So let's look at the unemployment rates per state and see how awesome we are! Link. Holy crap... Texas is #26 at 8.2%... half of the states are doing better than us. And we're losing to some of the most liberal ones like New York, Massachusetts, and Vermont. Vermont even has single-payer health care and Ben & Jerry, but their unemployment rate is 5.5%! Why is nobody talking about the Vermont Miracle? We're just in the middle of the pack. And especially when you consider that we have the highest percentage of minimum wage jobs in the nation, it looks like Texas isn't such a great state for employment after all.

So how can it be true that 38% of all new American jobs in the past 2 years were in Texas?. It is true, but it's clearly not because our employment rate is better. So it must reflect a larger population and faster rate in its growth. The statistic is meant to make you think it represents something it doesn't. But I'm sure it's going to win Perry a lot of votes anyway.

Friday, August 12, 2011

Romney owns hecklers, Dems declare him corporationy

It's crazy to me that this is being referred to as a gaffe, and the DNC is using it for anti-Romney ads. Of course, "corporations are people" by itself sounds bad. But all he seems to be doing here is owning ignorant hecklers. If anything, this should be used in pro-Romney ads. A heckler literally answered that money earned by corporations doesn't go to people because it instead goes to... "their pockets".

Just as there are many conservatives who like to imagine that all government spending is "waste" that can be cut with no negative consequences, there are also many annoying liberals who seem to think corporations are limitless sources of corrupt money we can keep taxing with no negative effects on real people.

Puppet Tim Robbins says it best:

Wednesday, August 10, 2011

Debt Downgrade, Treasuries, & Stocks

Example of the news sucking: On Monday, after S&P downgraded our debt and the stock market took a dive, I saw stories online with headlines like "stocks plunge after S&P debt downgrade" and other wording implying that one led to the other. Why? Is it just because those are 2 big things everyone knows about, and people would like the simplicity of imagining that the causation worked that way?

This week stocks have plunged, but U.S. debt has sold better than ever. Today we broke the record for lowest interest rate on 10-year treasury notes. If the events of this week were due to investors' concerns over U.S. debt, the interest on our debt would have gone up, much less down to record lows. If investors are selling tons of stocks and buying up tons of U.S. debt, that means that 1) our debt is still considered the safest investment in the world and 2) the economy sucks and will continue to suck.

So on the one hand, our economy is terrible and showing no signs of meaningful improvement under current circumstances. On the other, investors and foreign governments want to lend our government money more cheaply than ever before - well below inflation... they are basically paying us to hold on to their money. Doesn't that suggest that right now is the best time to borrow a bunch of money to pump into our economy and the wrong time to try to balance our budget? Borrowed money for stimulus would only need to have a slightly positive effect in order to pay for itself. We could just hand out tax rebate checks to everyone the way Bush did.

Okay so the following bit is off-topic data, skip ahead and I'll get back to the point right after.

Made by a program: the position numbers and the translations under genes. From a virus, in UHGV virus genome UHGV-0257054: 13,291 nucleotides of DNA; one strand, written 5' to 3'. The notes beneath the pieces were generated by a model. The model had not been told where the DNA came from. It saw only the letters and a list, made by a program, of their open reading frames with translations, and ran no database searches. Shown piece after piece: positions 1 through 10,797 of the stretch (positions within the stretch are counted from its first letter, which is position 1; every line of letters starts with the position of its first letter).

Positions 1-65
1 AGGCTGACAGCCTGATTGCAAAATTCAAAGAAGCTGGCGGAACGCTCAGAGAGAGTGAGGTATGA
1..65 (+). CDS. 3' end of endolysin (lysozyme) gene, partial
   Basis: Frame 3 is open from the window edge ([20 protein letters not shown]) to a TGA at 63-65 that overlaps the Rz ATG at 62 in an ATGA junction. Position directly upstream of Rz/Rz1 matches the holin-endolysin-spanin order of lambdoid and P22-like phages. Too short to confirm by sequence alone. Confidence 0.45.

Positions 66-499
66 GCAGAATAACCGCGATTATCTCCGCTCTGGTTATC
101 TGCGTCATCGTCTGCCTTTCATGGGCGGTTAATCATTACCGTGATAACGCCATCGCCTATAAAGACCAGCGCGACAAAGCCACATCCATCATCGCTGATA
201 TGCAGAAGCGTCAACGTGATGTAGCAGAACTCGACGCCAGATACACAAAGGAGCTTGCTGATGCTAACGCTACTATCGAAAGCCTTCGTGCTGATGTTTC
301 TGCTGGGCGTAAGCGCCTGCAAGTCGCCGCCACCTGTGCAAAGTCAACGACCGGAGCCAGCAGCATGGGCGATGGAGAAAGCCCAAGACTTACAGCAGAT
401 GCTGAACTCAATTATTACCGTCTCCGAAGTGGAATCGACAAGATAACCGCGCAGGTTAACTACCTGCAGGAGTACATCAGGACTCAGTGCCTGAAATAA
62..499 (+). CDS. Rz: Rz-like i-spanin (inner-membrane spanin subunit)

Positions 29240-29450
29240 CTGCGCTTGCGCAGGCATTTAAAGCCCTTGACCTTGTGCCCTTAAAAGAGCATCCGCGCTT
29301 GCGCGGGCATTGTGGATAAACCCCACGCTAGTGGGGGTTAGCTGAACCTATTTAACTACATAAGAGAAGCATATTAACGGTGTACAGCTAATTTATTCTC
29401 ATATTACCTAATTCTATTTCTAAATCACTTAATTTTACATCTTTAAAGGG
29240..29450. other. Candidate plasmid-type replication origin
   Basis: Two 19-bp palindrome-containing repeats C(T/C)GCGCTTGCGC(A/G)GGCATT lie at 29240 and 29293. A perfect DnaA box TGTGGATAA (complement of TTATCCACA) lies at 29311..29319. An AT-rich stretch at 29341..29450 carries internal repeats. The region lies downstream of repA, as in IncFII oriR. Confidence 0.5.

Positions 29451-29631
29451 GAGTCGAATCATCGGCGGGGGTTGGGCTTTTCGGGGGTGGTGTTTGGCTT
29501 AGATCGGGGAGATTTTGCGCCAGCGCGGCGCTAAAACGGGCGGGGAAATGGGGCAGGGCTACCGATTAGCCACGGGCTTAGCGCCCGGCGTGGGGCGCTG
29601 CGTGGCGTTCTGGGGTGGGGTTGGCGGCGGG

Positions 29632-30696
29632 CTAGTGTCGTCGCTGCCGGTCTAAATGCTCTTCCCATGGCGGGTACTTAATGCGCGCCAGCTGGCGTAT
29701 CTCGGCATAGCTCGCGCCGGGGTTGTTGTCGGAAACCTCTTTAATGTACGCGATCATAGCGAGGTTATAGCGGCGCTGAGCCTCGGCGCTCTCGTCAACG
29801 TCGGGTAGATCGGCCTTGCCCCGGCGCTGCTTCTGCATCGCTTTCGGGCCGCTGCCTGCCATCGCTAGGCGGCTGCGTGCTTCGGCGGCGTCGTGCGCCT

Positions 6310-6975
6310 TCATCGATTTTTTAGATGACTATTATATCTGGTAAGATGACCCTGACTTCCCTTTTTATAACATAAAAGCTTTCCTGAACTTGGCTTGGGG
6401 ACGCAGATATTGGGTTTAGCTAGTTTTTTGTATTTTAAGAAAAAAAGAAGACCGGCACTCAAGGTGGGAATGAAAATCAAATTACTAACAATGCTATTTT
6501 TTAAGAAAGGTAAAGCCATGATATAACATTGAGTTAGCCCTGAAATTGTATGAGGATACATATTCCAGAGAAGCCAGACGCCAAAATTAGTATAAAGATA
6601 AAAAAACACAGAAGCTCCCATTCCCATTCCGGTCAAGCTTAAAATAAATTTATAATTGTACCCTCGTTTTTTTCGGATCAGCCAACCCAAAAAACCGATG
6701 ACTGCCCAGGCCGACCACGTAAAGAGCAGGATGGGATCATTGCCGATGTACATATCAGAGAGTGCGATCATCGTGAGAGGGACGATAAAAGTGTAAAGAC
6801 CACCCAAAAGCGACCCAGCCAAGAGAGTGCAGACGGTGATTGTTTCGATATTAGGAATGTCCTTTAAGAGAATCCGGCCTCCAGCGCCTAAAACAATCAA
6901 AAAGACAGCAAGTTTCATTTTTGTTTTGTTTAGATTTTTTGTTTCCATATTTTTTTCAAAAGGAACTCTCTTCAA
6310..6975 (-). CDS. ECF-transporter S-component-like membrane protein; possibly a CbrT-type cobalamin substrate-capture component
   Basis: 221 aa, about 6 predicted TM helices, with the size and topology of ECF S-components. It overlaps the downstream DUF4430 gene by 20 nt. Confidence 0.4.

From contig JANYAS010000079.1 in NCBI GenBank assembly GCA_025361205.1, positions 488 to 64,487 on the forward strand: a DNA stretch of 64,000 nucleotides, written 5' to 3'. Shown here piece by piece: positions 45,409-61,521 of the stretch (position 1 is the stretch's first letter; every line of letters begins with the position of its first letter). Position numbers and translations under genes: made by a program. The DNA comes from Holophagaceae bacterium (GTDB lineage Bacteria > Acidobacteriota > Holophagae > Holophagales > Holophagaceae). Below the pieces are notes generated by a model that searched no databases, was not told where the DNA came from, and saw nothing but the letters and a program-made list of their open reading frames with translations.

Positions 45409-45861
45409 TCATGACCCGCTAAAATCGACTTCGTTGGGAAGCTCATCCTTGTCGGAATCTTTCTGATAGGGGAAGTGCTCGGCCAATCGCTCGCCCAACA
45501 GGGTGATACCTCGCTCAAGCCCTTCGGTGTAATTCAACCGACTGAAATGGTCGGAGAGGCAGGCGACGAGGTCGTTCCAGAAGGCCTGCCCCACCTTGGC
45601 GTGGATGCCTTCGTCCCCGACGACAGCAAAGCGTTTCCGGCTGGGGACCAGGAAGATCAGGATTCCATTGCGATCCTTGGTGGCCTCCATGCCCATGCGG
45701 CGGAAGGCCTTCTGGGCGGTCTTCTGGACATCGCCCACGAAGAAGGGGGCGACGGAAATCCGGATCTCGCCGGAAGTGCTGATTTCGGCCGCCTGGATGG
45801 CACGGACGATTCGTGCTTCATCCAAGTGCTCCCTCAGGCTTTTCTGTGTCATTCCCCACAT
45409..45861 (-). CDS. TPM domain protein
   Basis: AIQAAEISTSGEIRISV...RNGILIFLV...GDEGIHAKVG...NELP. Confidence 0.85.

So why is Washington - Republicans and Democrats - currently spending all their time on our long-run budget issues and doing nothing about our economy?

Monday, August 8, 2011

Moral Dilemmas

I'm currently reading Justice: What's The Right Thing To Do?, and it starts with a couple of hypothetical situations that has really bothered me because it demonstrates a big inconsistency in our conscience.

Scenario #1: You are on a trolley heading down a track, and you notice that there are 5 people tied to the rails ahead. The brakes are out, but you can turn onto a different track where there is only 1 person tied down. So your only choices are to do nothing and let the trolley kill 5 people, or change course and kill 1 person that would have otherwise lived. What's the right thing to do? For most people (including myself), your conscience tells you that the best thing is to change course and save the greatest number of lives.

Scenario #2: Same case, but there's nobody in the trolley. You and a very heavy person are on a bridge overlooking the track. If you do nothing, the 5 people on the track will die. But you happen to know that if you push the heavy person off the bridge and onto the track, he will die when the train hits him, but it will cause the train to stop. It would do no good for you to jump down. What is the right thing to do? For most people (including myself), your conscience tells you that you should not push the innocent bystander off the bridge.